Which NFC East rival will pick up a win in this Week 1 matchup?
The NFC East figures to be a hotly contested division in the NFL this season so all matchups between the four teams will be of the utmost importance, starting with an opening one between Philadelphia and Washington. The Redskins hope to start this season off better than they finished 2016 – losing a virtual layup game at home that would have clinched a playoff berth to a Giants squad that already had secured its postseason destination.
Washington spent the offseason retooling its offense, swapping wide receivers DeSean Jackson and Pierre Garcon for free agent addition Terrelle Pryor Sr. and 2016 first-round pick Josh Docston, who is hopefully finally healthy. The Redskins also parted ways with general manager Scot McCloughan, who was fired after a tumultuous tenure that lasted a little more than two years.
Likewise, Philadelphia also was busy this offseason upgrading the weapons around Carson Wentz. The Eagles signed both Alshon Jeffery and Torrey Smith in free agency, and then after the start of trading camp traded former No. 1 target Jordan Matthews to Buffalo for cornerback Ronald Darby. The Eagles also added former Patriot running back LeGarrette Blount on a one-year deal while bidding good-bye to Ryan Mathews.
The hope is that the new pieces along with holdovers Zach Ertz, Nelson Agholor, Darren Sproles and Wendell Smallwood will help Wentz, and the offense in general, take a big step forward this season. A lot of people seem to be buying into this, jumping on the bandwagon and labeling Philadelphia as a sleeper team to watch. But it’s not just the offense that will have to improve to get there, as the defense needs to do its part and the jury is still out on second-year head coach Doug Pederson.
Philadelphia at Washington
Kickoff: Sunday, Sept. 10 at 1 p.m. ET
Spread: Eagles -1
Three Things to Watch
1. Gaining an advantage on the ground
There are a lot of similarities between these two teams. Each has a quarterback with a gunslinger mentality and neither Carson Wentz nor Kirk Cousins would mind throwing it 50 times. Both teams struggled to run the ball with much success in the preseason. Philadelphia has free agent addition LeGarrette Blount in its backfield along with Wendell Smallwood and Darren Sproles. Blount did nothing in the preseason and has fans wondering if his tank is on empty. Washington is relying on the combination of Rob Kelley, Chris Thompson and rookie Samaje Perine to improve on last year’s production, which ranked 21st in the NFL (106 ypg). But the Redskins’ offensive line is not as good when it comes to run blocking as pass protection. Keeping the other team honest on handoffs and running plays will be important in deciding the victor in this one.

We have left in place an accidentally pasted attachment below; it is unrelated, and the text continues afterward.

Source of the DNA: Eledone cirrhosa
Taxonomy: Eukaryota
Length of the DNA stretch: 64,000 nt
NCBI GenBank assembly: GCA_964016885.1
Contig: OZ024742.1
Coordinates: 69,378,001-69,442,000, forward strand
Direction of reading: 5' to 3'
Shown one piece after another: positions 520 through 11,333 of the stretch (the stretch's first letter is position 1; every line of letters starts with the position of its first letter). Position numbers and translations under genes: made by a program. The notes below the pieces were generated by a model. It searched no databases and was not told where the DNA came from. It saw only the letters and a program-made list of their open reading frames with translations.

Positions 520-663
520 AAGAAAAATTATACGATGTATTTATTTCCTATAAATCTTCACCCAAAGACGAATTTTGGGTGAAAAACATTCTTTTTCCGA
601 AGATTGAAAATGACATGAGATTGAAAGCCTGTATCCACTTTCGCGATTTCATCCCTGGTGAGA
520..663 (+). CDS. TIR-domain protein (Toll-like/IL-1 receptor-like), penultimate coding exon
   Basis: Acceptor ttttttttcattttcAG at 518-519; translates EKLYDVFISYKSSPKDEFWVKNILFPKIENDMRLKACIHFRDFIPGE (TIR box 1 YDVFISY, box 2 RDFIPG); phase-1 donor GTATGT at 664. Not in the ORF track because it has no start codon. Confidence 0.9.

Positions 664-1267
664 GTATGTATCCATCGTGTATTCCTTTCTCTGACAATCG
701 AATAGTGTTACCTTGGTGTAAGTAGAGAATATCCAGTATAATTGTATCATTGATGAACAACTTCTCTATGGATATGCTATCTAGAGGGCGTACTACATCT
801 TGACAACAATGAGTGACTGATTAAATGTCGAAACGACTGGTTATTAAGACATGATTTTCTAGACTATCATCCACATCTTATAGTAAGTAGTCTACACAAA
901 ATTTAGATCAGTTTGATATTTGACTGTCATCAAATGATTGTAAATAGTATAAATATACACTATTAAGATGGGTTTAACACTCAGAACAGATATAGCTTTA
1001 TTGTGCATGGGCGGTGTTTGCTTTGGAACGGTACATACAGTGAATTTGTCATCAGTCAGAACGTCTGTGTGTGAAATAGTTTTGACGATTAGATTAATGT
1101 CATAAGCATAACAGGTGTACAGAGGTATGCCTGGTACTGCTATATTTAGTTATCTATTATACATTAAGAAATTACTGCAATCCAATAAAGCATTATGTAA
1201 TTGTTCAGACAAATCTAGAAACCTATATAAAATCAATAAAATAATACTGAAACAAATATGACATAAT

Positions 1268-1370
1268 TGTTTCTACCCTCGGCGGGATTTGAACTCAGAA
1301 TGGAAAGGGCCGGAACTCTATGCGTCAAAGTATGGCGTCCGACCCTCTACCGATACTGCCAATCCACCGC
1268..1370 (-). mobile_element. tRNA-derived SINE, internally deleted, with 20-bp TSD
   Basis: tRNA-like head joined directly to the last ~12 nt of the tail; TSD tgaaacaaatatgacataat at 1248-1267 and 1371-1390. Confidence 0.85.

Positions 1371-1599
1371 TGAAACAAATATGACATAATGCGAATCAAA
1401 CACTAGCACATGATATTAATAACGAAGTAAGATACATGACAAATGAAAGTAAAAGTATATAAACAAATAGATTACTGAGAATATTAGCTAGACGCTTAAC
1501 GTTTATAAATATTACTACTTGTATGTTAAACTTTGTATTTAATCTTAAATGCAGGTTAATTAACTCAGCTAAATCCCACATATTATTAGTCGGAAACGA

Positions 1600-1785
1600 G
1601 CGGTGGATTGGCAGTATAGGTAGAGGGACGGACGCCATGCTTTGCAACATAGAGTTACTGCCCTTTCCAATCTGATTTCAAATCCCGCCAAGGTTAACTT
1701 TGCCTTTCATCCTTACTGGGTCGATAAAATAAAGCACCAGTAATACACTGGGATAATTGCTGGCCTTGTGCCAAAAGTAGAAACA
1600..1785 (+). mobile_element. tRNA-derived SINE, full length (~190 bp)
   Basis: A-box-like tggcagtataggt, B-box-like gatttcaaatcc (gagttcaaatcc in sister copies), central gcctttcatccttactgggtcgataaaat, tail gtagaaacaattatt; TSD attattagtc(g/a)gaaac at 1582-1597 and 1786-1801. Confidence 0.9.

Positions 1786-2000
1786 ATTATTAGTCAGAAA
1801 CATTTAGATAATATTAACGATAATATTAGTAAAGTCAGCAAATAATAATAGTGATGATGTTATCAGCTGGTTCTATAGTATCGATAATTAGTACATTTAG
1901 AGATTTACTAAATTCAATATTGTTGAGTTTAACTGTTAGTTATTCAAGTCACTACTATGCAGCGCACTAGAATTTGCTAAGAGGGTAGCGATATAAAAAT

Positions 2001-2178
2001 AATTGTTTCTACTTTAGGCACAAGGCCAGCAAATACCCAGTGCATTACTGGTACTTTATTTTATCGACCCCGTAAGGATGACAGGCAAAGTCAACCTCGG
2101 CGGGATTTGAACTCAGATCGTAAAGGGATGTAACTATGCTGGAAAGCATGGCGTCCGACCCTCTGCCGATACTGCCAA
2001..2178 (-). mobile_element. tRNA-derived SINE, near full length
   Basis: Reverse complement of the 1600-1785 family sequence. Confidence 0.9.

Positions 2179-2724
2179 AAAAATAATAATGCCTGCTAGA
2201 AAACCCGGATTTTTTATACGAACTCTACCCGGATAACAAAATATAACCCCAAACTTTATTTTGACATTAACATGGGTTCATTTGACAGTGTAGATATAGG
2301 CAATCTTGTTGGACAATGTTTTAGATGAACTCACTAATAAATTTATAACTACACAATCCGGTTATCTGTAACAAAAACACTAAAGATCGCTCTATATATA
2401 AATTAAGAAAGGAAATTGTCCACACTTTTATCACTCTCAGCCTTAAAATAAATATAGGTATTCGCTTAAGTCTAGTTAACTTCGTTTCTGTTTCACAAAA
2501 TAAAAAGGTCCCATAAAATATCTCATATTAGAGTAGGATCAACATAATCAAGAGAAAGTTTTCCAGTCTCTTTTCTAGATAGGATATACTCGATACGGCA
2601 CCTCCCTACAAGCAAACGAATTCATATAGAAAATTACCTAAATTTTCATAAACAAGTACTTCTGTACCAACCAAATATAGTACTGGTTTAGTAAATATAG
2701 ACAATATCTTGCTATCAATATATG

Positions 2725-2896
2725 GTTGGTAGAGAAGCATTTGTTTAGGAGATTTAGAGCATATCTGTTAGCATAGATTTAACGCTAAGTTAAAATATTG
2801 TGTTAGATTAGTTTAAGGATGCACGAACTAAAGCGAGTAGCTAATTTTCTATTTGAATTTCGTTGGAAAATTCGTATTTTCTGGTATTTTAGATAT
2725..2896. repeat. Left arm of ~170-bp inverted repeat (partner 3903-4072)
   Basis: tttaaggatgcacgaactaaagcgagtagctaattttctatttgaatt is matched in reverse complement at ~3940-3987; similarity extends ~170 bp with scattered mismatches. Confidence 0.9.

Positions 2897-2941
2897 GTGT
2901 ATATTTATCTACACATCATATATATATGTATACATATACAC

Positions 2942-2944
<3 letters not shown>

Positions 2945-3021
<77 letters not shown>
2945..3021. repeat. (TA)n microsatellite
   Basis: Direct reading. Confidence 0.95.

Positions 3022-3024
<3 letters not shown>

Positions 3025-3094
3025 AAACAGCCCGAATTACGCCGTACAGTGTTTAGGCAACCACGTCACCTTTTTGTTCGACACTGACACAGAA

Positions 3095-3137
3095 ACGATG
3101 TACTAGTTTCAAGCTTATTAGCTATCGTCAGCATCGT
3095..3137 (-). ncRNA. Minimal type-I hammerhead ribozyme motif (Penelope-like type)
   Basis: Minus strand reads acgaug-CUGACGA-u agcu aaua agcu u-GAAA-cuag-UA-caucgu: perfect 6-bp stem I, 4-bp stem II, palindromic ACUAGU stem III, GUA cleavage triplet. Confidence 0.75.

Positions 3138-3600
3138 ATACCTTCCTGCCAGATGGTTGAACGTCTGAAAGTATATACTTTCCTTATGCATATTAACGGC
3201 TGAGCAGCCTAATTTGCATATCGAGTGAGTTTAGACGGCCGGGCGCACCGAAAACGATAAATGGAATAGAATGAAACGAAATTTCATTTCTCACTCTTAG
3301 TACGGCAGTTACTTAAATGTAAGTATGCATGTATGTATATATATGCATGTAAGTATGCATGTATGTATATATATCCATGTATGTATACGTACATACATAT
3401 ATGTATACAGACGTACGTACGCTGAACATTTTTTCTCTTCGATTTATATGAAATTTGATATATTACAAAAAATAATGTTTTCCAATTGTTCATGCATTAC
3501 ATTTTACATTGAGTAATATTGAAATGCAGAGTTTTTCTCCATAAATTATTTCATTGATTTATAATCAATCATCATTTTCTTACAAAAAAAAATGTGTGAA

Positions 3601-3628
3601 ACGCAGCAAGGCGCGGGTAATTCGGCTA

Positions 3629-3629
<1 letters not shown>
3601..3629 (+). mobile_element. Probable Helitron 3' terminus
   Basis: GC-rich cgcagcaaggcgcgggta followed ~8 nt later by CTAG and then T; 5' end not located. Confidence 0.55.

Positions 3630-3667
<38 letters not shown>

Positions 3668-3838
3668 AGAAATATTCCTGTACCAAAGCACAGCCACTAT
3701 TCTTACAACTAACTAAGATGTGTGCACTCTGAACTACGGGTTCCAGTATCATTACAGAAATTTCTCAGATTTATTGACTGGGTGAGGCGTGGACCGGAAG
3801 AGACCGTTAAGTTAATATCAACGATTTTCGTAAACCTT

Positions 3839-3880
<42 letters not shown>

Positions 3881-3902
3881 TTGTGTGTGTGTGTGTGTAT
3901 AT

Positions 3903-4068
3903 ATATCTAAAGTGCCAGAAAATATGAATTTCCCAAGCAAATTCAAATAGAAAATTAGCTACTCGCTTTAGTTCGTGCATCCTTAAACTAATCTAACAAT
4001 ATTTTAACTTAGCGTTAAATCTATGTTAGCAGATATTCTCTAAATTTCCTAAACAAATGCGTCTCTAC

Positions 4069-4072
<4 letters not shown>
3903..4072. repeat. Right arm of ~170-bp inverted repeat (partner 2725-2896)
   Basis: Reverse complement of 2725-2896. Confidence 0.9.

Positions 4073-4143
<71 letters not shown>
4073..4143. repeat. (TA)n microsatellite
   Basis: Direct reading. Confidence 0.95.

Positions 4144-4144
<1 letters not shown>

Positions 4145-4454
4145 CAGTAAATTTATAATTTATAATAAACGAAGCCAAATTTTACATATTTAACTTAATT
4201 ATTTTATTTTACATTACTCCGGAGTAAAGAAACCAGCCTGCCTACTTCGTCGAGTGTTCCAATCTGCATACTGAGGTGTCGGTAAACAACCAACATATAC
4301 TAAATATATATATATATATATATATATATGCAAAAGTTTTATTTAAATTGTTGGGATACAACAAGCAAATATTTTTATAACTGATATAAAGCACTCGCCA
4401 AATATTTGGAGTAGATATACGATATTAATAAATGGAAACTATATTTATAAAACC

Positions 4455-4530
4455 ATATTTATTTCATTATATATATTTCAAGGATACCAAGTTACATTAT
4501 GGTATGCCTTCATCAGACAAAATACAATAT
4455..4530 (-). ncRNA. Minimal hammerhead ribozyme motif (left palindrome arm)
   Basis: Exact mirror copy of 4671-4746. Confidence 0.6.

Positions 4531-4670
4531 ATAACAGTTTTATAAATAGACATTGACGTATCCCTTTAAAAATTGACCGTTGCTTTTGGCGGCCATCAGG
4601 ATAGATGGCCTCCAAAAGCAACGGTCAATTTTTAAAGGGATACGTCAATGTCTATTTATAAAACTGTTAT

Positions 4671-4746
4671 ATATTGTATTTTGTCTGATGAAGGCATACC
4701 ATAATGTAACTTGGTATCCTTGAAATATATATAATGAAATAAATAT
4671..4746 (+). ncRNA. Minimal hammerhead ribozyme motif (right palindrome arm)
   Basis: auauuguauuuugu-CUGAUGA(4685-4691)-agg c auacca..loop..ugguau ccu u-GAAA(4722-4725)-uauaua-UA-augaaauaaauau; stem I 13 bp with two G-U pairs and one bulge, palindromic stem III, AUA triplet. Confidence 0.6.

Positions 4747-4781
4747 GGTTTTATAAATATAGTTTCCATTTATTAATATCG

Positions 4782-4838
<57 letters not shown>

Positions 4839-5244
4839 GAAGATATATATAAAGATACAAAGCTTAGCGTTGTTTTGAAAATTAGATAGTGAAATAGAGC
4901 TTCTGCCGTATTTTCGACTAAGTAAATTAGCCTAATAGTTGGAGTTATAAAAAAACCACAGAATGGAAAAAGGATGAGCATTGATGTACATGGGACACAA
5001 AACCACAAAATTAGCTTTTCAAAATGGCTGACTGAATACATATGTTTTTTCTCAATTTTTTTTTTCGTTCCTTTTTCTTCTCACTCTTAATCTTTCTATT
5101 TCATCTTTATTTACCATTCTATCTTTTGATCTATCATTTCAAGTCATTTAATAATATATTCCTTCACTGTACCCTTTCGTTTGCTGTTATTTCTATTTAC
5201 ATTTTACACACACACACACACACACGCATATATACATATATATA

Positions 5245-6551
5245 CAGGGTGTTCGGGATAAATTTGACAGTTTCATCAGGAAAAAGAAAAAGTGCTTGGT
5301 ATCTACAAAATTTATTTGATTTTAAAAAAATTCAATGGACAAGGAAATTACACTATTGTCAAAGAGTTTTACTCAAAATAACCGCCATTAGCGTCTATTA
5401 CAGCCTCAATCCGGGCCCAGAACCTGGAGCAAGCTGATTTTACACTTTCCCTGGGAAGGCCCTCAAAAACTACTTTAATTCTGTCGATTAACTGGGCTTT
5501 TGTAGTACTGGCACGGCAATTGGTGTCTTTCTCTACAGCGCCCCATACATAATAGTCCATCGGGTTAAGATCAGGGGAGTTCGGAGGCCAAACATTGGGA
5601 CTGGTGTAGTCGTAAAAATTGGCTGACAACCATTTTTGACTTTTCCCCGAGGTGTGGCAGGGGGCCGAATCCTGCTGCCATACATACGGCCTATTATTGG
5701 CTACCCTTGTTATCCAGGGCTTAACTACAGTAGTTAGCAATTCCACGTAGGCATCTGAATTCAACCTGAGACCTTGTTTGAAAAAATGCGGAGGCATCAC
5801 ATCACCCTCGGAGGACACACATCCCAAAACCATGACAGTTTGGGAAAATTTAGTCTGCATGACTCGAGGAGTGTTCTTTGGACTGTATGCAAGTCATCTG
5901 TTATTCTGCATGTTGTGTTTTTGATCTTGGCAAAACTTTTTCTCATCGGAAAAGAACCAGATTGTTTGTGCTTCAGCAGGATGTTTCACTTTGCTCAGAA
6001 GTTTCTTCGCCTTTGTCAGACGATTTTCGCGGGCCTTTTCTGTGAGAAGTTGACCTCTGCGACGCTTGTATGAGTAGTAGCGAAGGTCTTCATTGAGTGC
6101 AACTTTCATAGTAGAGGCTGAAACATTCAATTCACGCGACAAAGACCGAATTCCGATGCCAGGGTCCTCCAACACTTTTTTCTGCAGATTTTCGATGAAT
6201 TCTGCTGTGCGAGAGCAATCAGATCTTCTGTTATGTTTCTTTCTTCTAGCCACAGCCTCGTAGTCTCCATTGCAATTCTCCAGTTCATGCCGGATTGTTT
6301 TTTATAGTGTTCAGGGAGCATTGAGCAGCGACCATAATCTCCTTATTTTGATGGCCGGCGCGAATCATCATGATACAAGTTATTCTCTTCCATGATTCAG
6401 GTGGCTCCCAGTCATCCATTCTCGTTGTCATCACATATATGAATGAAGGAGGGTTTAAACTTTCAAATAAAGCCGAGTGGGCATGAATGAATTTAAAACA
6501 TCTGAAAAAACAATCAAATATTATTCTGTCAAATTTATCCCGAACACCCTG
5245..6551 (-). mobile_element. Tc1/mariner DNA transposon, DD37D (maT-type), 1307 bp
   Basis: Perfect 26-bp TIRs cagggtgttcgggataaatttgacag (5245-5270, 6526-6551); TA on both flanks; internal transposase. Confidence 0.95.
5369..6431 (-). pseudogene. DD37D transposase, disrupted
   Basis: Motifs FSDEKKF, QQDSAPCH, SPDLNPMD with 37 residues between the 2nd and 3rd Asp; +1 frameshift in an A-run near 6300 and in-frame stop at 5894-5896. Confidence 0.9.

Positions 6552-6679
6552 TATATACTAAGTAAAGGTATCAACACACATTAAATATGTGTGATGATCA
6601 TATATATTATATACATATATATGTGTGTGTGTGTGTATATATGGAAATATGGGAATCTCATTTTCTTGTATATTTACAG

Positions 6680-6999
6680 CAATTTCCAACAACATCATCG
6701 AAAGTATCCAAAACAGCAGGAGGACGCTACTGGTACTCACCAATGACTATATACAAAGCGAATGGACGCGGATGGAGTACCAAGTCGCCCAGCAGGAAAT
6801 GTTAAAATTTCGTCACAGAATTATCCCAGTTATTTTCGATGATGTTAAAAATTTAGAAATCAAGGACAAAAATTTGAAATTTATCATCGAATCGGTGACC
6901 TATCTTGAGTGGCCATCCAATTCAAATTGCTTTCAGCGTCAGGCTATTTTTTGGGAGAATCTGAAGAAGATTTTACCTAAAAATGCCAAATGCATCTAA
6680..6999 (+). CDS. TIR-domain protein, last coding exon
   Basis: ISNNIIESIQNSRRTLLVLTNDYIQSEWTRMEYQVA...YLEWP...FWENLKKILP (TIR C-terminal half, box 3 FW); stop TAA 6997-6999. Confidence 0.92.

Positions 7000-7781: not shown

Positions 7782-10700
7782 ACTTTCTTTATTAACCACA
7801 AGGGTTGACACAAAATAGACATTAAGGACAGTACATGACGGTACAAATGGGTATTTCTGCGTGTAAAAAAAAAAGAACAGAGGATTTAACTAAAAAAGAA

2. Secondary issues
The Eagles cornerbacks can be beaten early and often. Yes, the team traded for Ronald Darby from Buffalo, but he can only cover one player. Jalen Mills and Patrick Robinson are both vulnerable and could struggle to cover new Redskin Terrelle Pryor Sr., who has the size advantage. But this also will be Pryor and Cousins’ first game (that counts) together, so it may take some time for the two to get on the same page. On the other side, Washington has solid corners in Josh Norman and Bashaud Breeland, but plenty of questions at safety. Su'a Cravens, who was being counted on to lock down one of the starting spots, contemplated retirement and has been placed on the team’s exempt/left squad list as a result, meaning he will miss at least a month. Will Blackmon was released as part of the final cuts, leaving D.J. Swearinger, another offseason addition, the only real known commodity at this point. The uncertainty surrounding the Redskins’ back end could open up things in the middle of the field for Philadelphia tight end Zach Ertz or one of the wide receivers.
3. Under pressure
Cousins and his offensive line struggled big time against the blitz in training camp and in preseason games. Pro Bowl left tackle Trent Williams will play better than he has in the early going, and he will need to against Philadelphia’s remade front seven. The additions of defensive tackle Timmy Jernigan and defensive end Chris Long, along with first-round pick Derek Barnett give coordinator Jim Schwartz even more options to work with up front. He has already said he may not be able to blitz as much with some concerns in the secondary. That’s why it’s paramount for the Eagles’ pass rush, which also features Fletcher Cox and Brandon Graham, to make its presence known. And why Washington’s offensive line needs to knock off the rust quickly.
In divisional matchups, I usually lean to the home team especially in Week 1. Philadelphia and Washington are really close to each other in terms of talent. The uncertainty now surrounding the status of safety Su’a Cravens adds to the questions already surrounding the Redskins’ defense, but I think Terrelle Pryor Sr. has a big debut with two touchdowns to give the fans more to cheer than worry about, at least for one week. Carson Wentz gets picked off late by Josh Norman to seal the deal for Washington as the Eagles lose a sixth straight game to their longtime division rivals.
Prediction: Redskins 24, Eagles 21
— Written by Matt Josephs, who is a part of the Athlon Sports Contributor Network. Follow him on Twitter @MidMajorMatt.